Those belonging to the AEGD and Saudi Board in Restorative Dentistry used NTRFs in 81-99 Percent of their cases (35.6 Percent).
Gates Glidden drills were used prior to NTRFs (/2 = 30.221, p Less than 0.01) by 52.5 Percent participants from the AEGD and Saudi Board in Re- storative Dentistry group.
The second most commonly used preparation tech- nique was the hybrid technique among the AEGD and Saudi Board in Restorative Dentistry group (30.5 Percent), and the E and SBE group (30.8 Percent).
Four of the respondents (7.7 Percent) in the E and SBE group did not use any lubricants, while only 1 in each of the AEGD and Saudi Board in Restorative Dentistry and the "other specialty" groups did not use any lubricant.
This was followed by the RCT of molar teeth with an almost equal number of respondents in both the AEGD and Saudi Board in Restorative Dentistry and the endodontist and Saudi Board in Endodontics groups (55 and 50 respectively) preferring NTRFs.
Though the percentages obtained from the various groups did not differ signifi- cantly (/2 = 5.955, p = 0.7), 61 Percent of the AEGD and Saudi Board in Restorative Dentistry, 59.6 Percent of endodontists and Saudi Board in Endodontics, 58.5 Percent of "other dental specialties," and 50 Percent of the general dentists groups relied on the number of times each file was used.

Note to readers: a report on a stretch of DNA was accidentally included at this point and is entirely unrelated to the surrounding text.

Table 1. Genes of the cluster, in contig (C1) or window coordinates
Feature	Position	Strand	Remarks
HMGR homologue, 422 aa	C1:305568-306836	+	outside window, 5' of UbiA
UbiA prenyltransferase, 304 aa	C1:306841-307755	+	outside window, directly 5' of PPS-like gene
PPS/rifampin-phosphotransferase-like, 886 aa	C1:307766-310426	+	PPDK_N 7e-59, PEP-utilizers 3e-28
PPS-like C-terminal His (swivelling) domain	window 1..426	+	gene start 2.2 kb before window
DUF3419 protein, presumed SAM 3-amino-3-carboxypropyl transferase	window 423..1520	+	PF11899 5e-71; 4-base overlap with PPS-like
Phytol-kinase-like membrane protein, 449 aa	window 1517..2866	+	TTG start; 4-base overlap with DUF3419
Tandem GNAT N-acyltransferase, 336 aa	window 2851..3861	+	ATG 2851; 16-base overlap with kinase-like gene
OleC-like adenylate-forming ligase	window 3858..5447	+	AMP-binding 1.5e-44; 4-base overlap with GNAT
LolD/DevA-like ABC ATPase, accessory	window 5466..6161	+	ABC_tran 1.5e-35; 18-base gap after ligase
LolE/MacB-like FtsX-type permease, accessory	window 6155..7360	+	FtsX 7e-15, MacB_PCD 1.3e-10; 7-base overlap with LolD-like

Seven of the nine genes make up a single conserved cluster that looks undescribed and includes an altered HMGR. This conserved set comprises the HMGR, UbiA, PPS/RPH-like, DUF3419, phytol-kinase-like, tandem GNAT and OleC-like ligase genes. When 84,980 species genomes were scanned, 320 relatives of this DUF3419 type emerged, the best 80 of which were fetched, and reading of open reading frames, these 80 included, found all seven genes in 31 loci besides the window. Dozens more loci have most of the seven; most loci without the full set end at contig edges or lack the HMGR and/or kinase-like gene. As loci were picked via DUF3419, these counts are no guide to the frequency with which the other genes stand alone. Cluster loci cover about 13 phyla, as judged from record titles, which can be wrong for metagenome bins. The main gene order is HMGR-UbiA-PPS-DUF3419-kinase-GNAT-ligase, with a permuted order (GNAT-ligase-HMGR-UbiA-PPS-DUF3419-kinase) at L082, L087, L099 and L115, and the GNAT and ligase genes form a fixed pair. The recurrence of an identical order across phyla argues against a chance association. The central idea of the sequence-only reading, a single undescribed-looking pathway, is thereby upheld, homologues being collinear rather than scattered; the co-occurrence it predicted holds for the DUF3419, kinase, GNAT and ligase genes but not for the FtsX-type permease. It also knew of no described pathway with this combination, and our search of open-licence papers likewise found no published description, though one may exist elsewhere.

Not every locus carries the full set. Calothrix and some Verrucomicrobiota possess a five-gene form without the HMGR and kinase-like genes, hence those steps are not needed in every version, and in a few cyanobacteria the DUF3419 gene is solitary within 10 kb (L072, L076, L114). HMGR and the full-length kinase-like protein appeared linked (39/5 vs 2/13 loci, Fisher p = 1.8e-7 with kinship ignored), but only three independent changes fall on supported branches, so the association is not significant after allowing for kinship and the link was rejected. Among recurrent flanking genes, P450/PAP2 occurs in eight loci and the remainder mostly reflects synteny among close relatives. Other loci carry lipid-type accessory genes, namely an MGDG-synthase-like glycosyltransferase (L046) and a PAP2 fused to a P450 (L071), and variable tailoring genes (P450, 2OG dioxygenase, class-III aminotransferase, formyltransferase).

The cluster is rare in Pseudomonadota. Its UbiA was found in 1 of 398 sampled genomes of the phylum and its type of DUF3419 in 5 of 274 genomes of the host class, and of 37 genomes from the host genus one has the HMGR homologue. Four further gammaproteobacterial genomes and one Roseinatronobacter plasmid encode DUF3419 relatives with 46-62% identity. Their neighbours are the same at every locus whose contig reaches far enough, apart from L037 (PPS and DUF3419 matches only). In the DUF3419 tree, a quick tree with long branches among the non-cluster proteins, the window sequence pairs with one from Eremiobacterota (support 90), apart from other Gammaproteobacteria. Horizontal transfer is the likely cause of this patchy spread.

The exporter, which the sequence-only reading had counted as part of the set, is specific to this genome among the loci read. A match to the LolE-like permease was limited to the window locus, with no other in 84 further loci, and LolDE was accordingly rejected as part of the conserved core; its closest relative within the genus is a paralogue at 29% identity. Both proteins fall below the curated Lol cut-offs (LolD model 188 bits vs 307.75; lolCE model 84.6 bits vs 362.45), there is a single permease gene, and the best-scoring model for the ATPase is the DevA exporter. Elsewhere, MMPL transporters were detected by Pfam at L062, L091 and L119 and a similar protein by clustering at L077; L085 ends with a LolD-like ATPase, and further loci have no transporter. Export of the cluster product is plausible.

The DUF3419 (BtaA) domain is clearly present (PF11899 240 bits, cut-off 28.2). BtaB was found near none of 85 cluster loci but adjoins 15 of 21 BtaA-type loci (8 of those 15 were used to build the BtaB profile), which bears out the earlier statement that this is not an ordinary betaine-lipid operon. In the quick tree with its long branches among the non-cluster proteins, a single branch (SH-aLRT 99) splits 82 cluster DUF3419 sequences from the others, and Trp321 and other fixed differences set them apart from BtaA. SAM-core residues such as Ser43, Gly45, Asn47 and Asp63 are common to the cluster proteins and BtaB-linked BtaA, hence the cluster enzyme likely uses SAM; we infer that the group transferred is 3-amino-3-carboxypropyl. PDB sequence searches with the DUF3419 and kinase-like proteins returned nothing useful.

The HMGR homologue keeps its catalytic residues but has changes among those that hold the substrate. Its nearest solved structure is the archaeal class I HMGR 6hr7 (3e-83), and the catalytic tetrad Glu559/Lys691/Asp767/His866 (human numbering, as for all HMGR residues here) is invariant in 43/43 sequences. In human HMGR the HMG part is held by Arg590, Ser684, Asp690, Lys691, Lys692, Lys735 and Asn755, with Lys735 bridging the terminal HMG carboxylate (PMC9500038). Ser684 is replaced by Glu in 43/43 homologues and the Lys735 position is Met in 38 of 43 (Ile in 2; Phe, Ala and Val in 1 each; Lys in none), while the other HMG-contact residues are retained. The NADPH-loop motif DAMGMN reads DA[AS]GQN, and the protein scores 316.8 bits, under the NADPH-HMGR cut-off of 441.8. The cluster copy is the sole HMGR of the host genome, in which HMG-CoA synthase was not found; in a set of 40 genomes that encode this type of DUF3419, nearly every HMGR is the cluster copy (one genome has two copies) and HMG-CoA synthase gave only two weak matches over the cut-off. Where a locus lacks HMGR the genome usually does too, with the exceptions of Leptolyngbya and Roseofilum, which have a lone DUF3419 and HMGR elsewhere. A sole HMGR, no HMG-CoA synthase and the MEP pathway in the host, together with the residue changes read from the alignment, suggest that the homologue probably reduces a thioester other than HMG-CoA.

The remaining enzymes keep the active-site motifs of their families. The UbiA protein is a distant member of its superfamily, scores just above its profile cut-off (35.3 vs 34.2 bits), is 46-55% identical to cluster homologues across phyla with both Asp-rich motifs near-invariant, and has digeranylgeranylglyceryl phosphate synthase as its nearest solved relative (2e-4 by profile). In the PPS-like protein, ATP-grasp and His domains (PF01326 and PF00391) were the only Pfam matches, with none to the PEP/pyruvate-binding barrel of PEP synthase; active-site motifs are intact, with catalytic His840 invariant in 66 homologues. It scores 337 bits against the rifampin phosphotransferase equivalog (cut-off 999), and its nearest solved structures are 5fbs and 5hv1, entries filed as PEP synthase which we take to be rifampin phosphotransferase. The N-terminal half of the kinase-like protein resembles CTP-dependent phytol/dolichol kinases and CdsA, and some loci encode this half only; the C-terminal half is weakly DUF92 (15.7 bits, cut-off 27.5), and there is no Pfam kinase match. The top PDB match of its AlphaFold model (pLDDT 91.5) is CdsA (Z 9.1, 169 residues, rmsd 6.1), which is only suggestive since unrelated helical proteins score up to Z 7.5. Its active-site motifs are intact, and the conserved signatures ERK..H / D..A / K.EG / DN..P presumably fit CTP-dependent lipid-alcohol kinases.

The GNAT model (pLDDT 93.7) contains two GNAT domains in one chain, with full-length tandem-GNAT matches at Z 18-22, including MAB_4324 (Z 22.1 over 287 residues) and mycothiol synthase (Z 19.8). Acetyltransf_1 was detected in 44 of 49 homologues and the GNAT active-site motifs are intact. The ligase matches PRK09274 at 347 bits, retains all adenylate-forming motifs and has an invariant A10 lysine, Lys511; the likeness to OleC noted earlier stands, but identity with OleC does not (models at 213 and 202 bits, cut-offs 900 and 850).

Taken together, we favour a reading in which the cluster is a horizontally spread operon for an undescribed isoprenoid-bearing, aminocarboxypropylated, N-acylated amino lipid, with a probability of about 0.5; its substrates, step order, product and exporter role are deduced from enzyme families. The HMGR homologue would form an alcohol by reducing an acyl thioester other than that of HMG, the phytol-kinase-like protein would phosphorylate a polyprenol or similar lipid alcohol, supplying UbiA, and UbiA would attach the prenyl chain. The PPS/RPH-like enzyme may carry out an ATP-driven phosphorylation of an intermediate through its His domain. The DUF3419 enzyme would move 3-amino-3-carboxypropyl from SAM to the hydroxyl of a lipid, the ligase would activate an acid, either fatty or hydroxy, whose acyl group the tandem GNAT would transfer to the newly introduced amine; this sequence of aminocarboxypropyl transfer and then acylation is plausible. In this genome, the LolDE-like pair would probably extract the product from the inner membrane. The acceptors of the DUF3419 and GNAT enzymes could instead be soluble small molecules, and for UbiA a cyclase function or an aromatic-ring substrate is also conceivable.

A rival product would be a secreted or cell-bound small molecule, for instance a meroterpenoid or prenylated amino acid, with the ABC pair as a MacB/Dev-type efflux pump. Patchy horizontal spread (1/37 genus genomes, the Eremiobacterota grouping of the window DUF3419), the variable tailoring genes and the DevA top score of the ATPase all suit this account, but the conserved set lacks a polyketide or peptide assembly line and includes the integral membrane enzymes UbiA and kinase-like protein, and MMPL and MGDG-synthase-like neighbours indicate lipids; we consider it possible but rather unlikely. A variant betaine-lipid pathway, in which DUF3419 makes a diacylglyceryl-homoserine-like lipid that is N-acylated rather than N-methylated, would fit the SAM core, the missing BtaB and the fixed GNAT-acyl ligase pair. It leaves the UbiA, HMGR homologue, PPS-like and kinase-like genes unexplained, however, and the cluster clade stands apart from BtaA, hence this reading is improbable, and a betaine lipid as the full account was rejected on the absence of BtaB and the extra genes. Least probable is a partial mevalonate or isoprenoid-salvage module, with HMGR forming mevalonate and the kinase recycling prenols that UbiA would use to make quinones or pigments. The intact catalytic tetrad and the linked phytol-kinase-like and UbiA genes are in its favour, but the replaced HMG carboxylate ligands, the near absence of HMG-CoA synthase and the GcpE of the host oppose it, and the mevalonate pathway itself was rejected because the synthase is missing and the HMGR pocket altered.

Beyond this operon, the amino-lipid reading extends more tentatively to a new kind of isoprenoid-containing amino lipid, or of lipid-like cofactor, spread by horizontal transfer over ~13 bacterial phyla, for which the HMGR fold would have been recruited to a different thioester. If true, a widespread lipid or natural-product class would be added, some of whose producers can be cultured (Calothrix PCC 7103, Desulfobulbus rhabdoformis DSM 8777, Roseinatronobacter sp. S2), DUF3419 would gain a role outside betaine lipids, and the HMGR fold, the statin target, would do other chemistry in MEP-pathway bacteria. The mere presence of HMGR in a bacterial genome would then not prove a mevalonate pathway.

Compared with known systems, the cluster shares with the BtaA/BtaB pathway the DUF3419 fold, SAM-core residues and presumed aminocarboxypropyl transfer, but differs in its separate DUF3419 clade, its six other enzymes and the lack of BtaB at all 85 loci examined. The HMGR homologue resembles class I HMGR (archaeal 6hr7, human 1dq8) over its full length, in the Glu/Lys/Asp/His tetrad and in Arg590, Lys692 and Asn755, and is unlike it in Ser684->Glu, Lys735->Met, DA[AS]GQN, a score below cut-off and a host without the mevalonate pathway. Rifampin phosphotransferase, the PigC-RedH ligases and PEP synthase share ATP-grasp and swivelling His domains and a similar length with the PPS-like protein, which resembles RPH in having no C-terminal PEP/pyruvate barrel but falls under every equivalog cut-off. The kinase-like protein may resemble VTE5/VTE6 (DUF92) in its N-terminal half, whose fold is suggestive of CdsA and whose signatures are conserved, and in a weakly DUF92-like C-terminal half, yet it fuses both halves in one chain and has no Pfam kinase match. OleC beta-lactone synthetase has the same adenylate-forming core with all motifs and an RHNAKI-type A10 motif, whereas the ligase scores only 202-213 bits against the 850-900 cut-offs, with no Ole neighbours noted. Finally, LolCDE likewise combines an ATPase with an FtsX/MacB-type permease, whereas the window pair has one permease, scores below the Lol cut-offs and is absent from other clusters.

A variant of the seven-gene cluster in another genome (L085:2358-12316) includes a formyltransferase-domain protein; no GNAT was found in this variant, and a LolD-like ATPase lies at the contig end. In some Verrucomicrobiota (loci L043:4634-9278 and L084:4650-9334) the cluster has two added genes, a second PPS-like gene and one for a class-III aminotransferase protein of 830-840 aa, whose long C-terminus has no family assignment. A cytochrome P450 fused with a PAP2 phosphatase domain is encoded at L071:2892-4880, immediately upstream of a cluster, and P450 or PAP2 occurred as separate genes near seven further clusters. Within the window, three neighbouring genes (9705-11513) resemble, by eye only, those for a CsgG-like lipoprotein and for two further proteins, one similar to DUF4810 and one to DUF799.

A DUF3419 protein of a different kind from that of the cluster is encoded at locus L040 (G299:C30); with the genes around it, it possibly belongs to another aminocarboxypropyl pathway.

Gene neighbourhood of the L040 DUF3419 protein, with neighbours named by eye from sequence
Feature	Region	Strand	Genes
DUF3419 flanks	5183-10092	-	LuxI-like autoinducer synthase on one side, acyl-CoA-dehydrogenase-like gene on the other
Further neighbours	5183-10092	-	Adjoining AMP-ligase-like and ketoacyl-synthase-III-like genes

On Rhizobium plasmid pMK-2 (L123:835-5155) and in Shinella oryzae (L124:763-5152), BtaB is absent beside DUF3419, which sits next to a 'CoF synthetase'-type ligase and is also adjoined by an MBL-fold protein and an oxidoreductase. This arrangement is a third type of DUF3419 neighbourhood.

Loss of canal curvature and apical perforation were also common among general dentists and the AEGD and Saudi Board in Restorative Dentistry group.
Respondents were asked, "how many rotary files have you broken up to now?"; 39 Percent of the AEGD and Saudi Board in Restorative Dentistry group (/2 = 37.751a, p Less than 0.001), 35.1 Percent of the general dentists group, and 34.1 Percent of the "other dental specialty" group reported having broken 1-3 files (Table 10).
AEGD and Saudi Board in Restorative Dentistry subjects reported complex canal anatomy (62.7 Percent) and improper access cavity (40.7 Percent) to be fac- tors causing file separation (p Less than 0.01).